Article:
Not that themselves are wise; but others weak,
But grant that those can conquer; these can cheat ;
'Tis phrase absurd to call a villain great.
Who wickedly is wise, or madly brave,
Is but the more a fool, the more a knave.
Who noble ends by noble means obtains,
Or, falling, smiles in exile, or in chains,
Like good Aurelius let him reign; or bleed
Like Socrates; that man is great indeed!

What's fame? A fancied life in other's breath; A thing beyond us, even before our death. Just what you hear's your own; and what's unknown, The same (my lord!) if Tully's or your own. All that we feel of it, begins and ends In the small circle of our foes and friends; To all besides as much an empty shade, An Eugene living, as a Cæsar dead; Alike, or when or where they shone, or shine, Or on the Rubicon, or on the Rhine. A wit's a feather, and a chief's a rod; An honest man's the noblest work of God. Fame, but from death a villain's name can save, As justice tears his body from the grave; When what t'oblivion better were consign'd Is hung on high, to poison half mankind. All fame is foreign, but of true desert ; Plays round the head; but comes not to the heart. One self-approving hour whole years outweighs Of stupid starers, and of loud huzzas;

Avd more true joy, Marcellus exil'd feels,
Than Cæsar with a senate at his heels.

In parts superior what advantage lies ?
Tell (for you can) what is it to be wise?
'Tis but to know how little can be known:
To see all others' faults, and feel our own:
Condemn’d in business or in arts to drudge,
Without a second and without a judge.
Truths would you teach, to save a sinking land,
All fear, none aid you, and few understand.
Painful pre-eminence! yourself to view
Above life's weakness, and its comforts 100.

Bring then these blessings to a strict account;, Make fair deductions: see to what they 'mount; How much of other each is sure to cost; How each for other oft is wholly lost; How inconsistent greater goods with these; How sometimes life is risk'd, and always ease; Think; and if still such things thy envy call, Say, would'st thou be the man to whom they fall? To sigh for ribbons if thou art so silly, Mark how they grace Lord Umbra, or Sir Billy. Is yellow dirt ihe passion of thy life? Look but on Gripus, or on Gripus' wife. If parts allure thee, think how Bacon shin'd, The wisest, brightest, meanest of mankind; Or, ravish'd with the whistling of a name, See Cromwell, damn’d to everlasting fame : If all united thy ambition call, From ancient story learn to scorn them all.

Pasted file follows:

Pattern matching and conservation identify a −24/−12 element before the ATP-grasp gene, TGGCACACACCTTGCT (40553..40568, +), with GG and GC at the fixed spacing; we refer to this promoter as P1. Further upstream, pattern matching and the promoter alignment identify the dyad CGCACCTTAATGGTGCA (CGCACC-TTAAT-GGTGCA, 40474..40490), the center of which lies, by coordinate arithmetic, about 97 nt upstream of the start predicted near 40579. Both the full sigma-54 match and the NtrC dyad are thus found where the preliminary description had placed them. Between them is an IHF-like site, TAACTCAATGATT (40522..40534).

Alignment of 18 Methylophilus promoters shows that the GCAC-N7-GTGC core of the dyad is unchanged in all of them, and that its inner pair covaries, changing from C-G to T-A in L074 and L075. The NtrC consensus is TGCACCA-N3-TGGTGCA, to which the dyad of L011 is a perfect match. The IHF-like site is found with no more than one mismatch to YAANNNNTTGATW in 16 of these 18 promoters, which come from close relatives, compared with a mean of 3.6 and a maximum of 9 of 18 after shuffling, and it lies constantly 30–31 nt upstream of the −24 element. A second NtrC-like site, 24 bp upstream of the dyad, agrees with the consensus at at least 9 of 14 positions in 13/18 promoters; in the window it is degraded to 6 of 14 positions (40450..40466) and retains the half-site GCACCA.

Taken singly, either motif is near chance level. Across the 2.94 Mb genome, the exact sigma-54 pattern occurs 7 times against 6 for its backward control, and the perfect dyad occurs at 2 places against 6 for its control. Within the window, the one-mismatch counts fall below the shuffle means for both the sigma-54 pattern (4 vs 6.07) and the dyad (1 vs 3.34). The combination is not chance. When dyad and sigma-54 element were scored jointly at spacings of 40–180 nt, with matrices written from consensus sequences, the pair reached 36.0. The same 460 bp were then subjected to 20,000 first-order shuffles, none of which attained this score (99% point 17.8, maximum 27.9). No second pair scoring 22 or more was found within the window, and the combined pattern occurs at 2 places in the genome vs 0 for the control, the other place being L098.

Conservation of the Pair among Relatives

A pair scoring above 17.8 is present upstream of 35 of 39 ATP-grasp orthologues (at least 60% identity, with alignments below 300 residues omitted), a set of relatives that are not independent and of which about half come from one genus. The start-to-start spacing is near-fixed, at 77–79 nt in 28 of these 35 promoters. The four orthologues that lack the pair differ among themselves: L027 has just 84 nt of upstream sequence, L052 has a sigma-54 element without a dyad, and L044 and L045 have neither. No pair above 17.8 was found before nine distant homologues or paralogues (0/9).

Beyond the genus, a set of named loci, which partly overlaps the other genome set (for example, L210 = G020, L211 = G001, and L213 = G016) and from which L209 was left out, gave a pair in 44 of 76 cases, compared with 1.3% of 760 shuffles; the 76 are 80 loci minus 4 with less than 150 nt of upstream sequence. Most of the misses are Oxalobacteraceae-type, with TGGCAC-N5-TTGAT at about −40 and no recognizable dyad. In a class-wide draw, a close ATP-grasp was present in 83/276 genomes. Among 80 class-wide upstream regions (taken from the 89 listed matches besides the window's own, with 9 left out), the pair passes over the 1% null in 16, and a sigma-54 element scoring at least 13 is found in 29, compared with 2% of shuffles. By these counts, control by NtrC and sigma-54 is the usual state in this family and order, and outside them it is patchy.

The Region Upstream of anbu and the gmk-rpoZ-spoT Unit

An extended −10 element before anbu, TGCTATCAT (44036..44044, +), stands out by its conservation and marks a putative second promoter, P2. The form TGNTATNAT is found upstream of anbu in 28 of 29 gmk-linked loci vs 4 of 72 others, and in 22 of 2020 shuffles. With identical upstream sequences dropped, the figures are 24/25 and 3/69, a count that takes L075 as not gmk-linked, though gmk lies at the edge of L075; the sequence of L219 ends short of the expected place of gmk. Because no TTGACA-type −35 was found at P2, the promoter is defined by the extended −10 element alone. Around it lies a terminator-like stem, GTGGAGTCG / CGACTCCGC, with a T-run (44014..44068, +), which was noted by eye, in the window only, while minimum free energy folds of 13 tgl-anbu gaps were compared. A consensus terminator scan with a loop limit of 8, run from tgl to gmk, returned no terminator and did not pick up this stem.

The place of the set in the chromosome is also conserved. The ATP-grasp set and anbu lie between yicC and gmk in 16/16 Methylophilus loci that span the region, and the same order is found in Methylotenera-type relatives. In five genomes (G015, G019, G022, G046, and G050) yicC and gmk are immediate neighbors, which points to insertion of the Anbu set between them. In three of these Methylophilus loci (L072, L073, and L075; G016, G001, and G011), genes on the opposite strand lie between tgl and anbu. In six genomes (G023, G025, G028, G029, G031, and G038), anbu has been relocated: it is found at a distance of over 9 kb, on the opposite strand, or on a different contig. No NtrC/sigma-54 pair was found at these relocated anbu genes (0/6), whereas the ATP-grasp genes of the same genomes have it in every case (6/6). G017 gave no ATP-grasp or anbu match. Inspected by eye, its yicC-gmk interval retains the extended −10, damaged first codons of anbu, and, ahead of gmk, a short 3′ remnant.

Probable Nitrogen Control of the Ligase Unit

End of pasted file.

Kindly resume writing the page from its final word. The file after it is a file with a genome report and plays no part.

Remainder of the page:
EDWIN AND ANGELINA.
• Turn, gentle hermit of he dale,

And guide my lonely way
To where yon taper cheers the vale

With hospitable ray.
For here forlorn and lost I tread,

With fainting steps and slow ;
Where wilds immeasurably spread,

Seem length’ning as I go.'
• Forbear, my son,' the hermit cries,

• To tempt the dangerous gloom;
For yonder faithless phantom flies,

To lure thee to thy doom.

Here to the houseless child of want

My door is open still; And though my portion is but scant,

I give it with good-will. Then turn to-night, and freely share

Whate'er my cell bestows; My rushy couch, and frugal fare,

My blessings and repose. No flocks that range the valley free,

To slaughter I condemn;
Taught by that Power that pities me,

I learn to pity them.
But from the mountain's grassy side

A guiltless feast I bring ;
A scrip with herbs and fruits supplied,

And water from the spring. Then, pilgrim, turn, thy cares forego ;

All earth-born cares are wrong : Man wants but little here below,

Nor wants that little long.'
Soft as the dew from heaven descends,

His gentle accents fell:
The modest stranger lowly bends,

And follows to the cell.

Far in a wilderness obscure,

The lonely mansion lay;
A refuge to the neighboring poor,
And strangers

led astray. No stores beneath its humble thatch,

Requir'd a master's care;
The wicket, opening with a latch,

Receiv'd the harmless pair.
And now, when busy crowds retire,

To take their evening rest,
The hermit trimm'd his little fire,

And cheer'd his pensive guest : And spread his vegetable store,

And gaily press'd, and smil'd; And skill'd in legendary lore,

The ling'ring hours beguiled.